One Harold’s most spiritual experiences occurred in the spring of his Junior Year. In his own worlds, “Fay got her class ring and she let me put it on my little finger. I forgot to give it back to her.
“I went home after school and mowed the lawn, jumped the canal, chased the little kids around, milked the cow and other things before I noticed that the ring was gone.
“I had no idea where I might have lost it. She had paid a lot of money for that ring and I couldn’t stand the idea of telling her I had lost it.
“In despair I went up to my room and pleaded with the Lord to help me find it. I am not sure the Lord has time for things like lost rings. But, I was desperate. When I was through praying, I went out to the front sidewalk and my eyes fixed on a certain spot on the lawn.
“I walked to the spot, and didn’t see anything so I put my hand in the grass and forced my fingers to the ground. And when I felt that ring I was never so happy in my life. For me that was a miracle.”
Harold served a mission in the Western States from 1949 to 1951. Fay served a mission to the Eastern States. They returned home about the same time. Said Harold, “I was so happy to see Fay and to know she still loved me despite all those Elders in the Eastern States who tried to convince her to see different.”
They were engaged on Christmas Eve in l950 and married in the Salt Lake Temple September 14, l951.
Poor health dogged Harold throughout his mission and marriage. Shortly after they were married, Harold’s parents took him to Salt Lake City to a doctor who claimed to be able to heal people by putting metal plates over their naked bodies and running an electrical current through it.
“I went to this quack for three months and did not get any better. I was on crutches because my knee was so bad. I finally went to bed and stayed there.
“I felt so bad for my poor wife. We had only been married a little over a year and she was faced with these kinds of problems. Those were sad times. I often wondered if she felt she got a raw deal in me.”
Harold graduated from BYU in l956 and was hired to teach school in Monticello. The uranium boom was going strong that year, with 200 men working at the mill south of town. Housing was at a premium.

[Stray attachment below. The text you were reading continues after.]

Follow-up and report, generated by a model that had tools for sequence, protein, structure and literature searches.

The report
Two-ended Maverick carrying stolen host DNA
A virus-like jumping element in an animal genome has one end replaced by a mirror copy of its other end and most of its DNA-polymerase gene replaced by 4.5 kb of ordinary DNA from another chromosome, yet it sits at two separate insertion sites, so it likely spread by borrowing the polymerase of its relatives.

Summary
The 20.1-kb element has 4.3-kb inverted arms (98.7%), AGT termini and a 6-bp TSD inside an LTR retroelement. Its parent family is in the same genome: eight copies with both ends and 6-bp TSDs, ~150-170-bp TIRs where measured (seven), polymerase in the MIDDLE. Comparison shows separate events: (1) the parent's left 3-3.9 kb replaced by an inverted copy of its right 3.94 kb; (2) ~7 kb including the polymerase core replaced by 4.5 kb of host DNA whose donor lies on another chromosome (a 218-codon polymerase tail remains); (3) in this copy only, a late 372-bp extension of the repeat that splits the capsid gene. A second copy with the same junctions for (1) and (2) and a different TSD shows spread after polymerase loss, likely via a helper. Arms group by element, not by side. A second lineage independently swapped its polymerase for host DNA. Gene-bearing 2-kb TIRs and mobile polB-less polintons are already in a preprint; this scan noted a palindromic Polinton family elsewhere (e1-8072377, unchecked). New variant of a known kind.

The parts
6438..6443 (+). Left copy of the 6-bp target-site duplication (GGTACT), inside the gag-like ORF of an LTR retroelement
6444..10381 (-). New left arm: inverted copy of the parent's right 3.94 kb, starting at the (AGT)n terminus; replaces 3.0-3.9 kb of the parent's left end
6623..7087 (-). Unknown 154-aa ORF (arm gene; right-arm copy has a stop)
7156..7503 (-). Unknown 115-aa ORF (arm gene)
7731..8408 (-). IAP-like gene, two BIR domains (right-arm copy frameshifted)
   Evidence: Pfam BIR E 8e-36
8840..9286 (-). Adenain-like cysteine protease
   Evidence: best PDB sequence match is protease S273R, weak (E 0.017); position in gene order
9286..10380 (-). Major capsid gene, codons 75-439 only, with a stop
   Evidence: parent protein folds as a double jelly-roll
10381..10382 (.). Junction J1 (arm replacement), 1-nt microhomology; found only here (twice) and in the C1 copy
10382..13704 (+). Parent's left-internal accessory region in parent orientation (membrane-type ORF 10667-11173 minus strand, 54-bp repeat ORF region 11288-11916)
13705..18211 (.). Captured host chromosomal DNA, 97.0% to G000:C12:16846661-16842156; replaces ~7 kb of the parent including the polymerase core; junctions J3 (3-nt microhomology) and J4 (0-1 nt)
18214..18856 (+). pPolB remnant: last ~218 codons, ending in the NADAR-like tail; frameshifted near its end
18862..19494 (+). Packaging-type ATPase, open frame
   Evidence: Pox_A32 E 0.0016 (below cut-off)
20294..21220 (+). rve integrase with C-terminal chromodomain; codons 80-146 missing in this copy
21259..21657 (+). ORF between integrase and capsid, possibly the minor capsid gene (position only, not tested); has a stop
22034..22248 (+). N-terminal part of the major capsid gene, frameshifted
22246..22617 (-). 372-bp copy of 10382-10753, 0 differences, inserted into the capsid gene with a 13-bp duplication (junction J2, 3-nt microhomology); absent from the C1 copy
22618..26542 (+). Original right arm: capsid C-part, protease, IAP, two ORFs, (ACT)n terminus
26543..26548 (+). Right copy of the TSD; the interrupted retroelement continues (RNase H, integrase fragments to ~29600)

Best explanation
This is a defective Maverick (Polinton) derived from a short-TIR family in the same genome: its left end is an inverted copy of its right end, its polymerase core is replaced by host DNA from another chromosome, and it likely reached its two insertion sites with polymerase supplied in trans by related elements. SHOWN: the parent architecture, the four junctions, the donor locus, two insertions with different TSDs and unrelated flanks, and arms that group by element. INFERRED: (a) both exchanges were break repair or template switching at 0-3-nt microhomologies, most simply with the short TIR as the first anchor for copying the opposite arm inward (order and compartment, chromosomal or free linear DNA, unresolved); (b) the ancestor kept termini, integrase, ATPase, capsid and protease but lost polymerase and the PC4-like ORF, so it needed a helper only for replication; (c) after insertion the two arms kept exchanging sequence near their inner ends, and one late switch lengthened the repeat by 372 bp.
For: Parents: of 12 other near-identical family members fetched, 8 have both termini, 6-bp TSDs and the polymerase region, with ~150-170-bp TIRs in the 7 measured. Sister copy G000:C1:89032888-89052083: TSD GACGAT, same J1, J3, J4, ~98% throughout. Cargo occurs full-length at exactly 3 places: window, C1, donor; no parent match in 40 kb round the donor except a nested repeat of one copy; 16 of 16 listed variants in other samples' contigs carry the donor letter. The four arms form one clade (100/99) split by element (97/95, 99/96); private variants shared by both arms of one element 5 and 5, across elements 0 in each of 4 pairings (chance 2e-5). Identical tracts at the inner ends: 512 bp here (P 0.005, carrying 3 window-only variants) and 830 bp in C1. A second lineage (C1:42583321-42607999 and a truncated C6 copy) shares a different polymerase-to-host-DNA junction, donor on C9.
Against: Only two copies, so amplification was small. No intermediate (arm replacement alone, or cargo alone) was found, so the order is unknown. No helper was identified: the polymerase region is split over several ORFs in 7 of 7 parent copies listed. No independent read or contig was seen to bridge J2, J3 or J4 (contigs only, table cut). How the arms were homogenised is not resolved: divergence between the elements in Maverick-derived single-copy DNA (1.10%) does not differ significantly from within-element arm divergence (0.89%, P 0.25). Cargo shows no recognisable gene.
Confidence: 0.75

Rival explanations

The Muhlesteins finally found a place to live in an old farmhouse owned by Ruel Randall east of town. They planned to live there year round, but the Randalls said that would not be possible because the road became impassible in winter. Housing remained a problem for years because of the uranium frenzy in Monticello at the time.
The first year Harold taught at Monticello High School, he taught Utah History to this writer and to those who would comprise the Class of l962. We were in the seventh grade that year and having Mr. Muhlestein for a teacher was a treat.
Despite having holes cut in his shoes for his some of his toes, (his arthritis had by this time crippled some of his fingers and toes) and despite having a slightly crooked smile, his students were captivated by his love of history in general and Utah history in particular.
With fire in his eyes he would act out the history of his beloved Utah.
Did he stand at the blackboard and lecture? No, Mr. Muhlestein would race around the room chasing Indians, or lead the Cavelry in a charge to save settlers from harm. He would hoop and holler if hooping and hollering were part of the lesson.
Needless to say, the l956 edition of MHS seventh graders loved their history teacher. He was warm and friendly and it was obvious he cared for his students in a way that we did not appreciate until we had teachers in high school and college that couldn’t hold a candle to Mr. Muhlestein.
The major assignment of the year was to write a major paper on our favorite aspect of Utah History.
We worked on our projects all year as our homework and in the spring of l957 there were seventh graders at Monticello High who had created mini Master’s thesises. And it was because of a teacher who so inspired us that it was not a chore, but an educational pleasure.
In the spring of l961, Harold rented land from Wilford Frost and tried to supplement his teaching salary by growing vegetables. That spring he had planted 5,000 tomato plants along with corn and cumumbers.